Subject(s)
COVID-19/genetics , Computational Biology/methods , Gene Expression Profiling , Multiple Myeloma/genetics , SARS-CoV-2 , COVID-19/mortality , Datasets as Topic , Electron Transport Complex IV/genetics , Gene Expression Regulation, Neoplastic , Gene Expression Regulation, Viral , Gene Ontology , Humans , Kaplan-Meier Estimate , Microarray Analysis , Neoplasm Proteins/biosynthesis , Neoplasm Proteins/genetics , Nod2 Signaling Adaptor Protein/genetics , Prognosis , Proportional Hazards Models , Protein Interaction Maps/genetics
4.
J Virol ; 95(24): e0059621, 2021 11 23.
Article in English | MEDLINE | ID: covidwho-1443352

ABSTRACT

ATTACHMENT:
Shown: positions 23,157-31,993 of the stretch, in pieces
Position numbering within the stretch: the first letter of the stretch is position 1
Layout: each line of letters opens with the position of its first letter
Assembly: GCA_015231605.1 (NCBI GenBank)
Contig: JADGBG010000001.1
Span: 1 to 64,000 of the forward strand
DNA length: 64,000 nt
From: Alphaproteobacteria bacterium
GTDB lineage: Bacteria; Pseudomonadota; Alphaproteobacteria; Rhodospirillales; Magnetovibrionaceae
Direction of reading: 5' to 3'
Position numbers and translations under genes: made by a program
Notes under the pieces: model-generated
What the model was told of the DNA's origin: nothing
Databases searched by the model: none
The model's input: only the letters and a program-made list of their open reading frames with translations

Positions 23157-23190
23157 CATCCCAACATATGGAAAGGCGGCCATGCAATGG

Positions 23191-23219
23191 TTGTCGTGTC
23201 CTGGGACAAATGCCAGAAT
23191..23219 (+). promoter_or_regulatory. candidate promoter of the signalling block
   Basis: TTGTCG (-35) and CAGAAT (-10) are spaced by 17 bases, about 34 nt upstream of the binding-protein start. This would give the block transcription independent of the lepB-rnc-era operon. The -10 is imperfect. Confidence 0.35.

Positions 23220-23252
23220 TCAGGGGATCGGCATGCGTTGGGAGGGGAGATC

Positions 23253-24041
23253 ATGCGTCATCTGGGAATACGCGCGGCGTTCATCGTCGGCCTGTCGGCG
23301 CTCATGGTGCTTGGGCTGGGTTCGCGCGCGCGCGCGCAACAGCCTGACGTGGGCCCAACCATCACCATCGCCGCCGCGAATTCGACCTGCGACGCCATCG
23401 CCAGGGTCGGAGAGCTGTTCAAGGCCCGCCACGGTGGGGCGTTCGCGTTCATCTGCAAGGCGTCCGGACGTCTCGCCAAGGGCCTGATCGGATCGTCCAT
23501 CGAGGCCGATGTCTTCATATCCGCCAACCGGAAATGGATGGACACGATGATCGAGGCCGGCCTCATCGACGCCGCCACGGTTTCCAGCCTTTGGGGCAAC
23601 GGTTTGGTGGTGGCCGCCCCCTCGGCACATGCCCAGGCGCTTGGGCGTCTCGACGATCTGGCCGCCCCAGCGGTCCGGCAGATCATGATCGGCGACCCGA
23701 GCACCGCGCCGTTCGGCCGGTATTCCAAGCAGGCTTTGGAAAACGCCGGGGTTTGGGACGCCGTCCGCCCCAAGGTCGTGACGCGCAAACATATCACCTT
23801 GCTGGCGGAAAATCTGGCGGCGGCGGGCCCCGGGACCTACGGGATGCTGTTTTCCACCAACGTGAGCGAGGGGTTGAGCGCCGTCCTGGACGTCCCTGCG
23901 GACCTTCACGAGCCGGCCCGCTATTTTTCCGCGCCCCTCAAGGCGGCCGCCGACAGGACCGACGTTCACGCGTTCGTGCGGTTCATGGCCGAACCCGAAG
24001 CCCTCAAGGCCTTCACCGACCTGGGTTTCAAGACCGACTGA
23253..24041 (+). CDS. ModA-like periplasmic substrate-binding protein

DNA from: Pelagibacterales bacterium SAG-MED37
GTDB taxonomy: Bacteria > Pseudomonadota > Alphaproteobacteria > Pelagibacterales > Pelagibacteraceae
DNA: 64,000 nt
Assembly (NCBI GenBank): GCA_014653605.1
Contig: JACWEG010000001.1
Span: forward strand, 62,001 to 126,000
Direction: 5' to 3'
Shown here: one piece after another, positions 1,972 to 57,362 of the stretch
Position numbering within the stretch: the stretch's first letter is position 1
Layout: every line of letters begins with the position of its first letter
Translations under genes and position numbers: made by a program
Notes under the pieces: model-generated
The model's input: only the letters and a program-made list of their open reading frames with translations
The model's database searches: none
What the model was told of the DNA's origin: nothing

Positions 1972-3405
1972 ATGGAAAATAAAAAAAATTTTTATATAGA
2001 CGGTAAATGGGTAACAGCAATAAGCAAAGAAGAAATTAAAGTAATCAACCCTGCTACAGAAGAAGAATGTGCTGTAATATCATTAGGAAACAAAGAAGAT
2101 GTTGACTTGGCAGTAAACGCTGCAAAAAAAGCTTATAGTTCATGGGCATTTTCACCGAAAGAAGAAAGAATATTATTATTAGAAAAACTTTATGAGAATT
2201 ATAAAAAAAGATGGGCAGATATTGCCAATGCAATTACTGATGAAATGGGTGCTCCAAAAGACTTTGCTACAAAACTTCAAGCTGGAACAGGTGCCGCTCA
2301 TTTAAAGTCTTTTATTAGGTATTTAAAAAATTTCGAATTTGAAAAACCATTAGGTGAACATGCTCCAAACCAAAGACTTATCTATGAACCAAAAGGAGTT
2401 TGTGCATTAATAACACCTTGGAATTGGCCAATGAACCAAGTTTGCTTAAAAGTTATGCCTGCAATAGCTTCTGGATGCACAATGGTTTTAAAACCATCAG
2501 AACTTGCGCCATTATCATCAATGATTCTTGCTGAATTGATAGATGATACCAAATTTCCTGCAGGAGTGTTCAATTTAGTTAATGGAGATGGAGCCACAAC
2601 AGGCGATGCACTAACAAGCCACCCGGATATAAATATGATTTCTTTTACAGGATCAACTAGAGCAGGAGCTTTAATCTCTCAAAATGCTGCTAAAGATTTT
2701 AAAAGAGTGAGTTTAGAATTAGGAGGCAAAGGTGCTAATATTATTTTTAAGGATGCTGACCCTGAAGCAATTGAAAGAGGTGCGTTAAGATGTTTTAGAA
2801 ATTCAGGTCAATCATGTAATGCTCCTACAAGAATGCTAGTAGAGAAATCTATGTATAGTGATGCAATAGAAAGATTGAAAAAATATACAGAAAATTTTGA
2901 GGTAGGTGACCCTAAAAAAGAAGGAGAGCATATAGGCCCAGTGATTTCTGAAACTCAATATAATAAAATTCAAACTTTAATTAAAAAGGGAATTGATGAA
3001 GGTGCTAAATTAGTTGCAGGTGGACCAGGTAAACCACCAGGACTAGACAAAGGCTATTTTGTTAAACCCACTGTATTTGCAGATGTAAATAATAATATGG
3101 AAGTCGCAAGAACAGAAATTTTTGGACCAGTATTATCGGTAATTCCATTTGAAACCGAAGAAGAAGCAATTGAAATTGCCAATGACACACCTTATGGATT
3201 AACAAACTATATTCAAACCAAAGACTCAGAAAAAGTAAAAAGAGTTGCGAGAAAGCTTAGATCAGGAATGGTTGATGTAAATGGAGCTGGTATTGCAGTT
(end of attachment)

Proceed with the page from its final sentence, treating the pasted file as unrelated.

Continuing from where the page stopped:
Cellular factors have important roles in all facets of the flavivirus replication cycle. Deciphering viral-host protein interactions is essential for understanding the flavivirus life cycle as well as development of effective antiviral strategies. To uncover novel host factors that are co-opted by multiple flaviviruses, a CRISPR/Cas9 genome wide knockout (KO) screen was employed to identify genes required for replication of Zika virus (ZIKV). Receptor for Activated Protein C Kinase 1 (RACK1) was identified as a novel host factor required for ZIKV replication, which was confirmed via complementary experiments. Depletion of RACK1 via siRNA demonstrated that RACK1 is important for replication of a wide range of mosquito- and tick-borne flaviviruses, including West Nile Virus (WNV), Dengue Virus (DENV), Powassan Virus (POWV) and Langat Virus (LGTV) as well as the coronavirus SARS-CoV-2, but not for YFV, EBOV, VSV or HSV. Notably, flavivirus replication was only abrogated when RACK1 expression was dampened prior to infection. Utilising a non-replicative flavivirus model, we show altered morphology of viral replication factories and reduced formation of vesicle packets (VPs) in cells lacking RACK1 expression. In addition, RACK1 interacted with NS1 protein from multiple flaviviruses; a key protein for replication complex formation. Overall, these findings reveal RACK1's crucial role to the biogenesis of pan-flavivirus replication organelles. IMPORTANCE Cellular factors are critical in all facets of viral lifecycles, where overlapping interactions between the virus and host can be exploited as possible avenues for the development of antiviral therapeutics. Using a genome-wide CRISPR knockout screening approach to identify novel cellular factors important for flavivirus replication we identified RACK1 as a pro-viral host factor for both mosquito- and tick-borne flaviviruses in addition to SARS-CoV-2. Using an innovative flavivirus protein expression system, we demonstrate for the first time the impact of the loss of RACK1 on the formation of viral replication factories known as 'vesicle packets' (VPs). In addition, we show that RACK1 can interact with numerous flavivirus NS1 proteins as a potential mechanism by which VP formation can be induced by the former.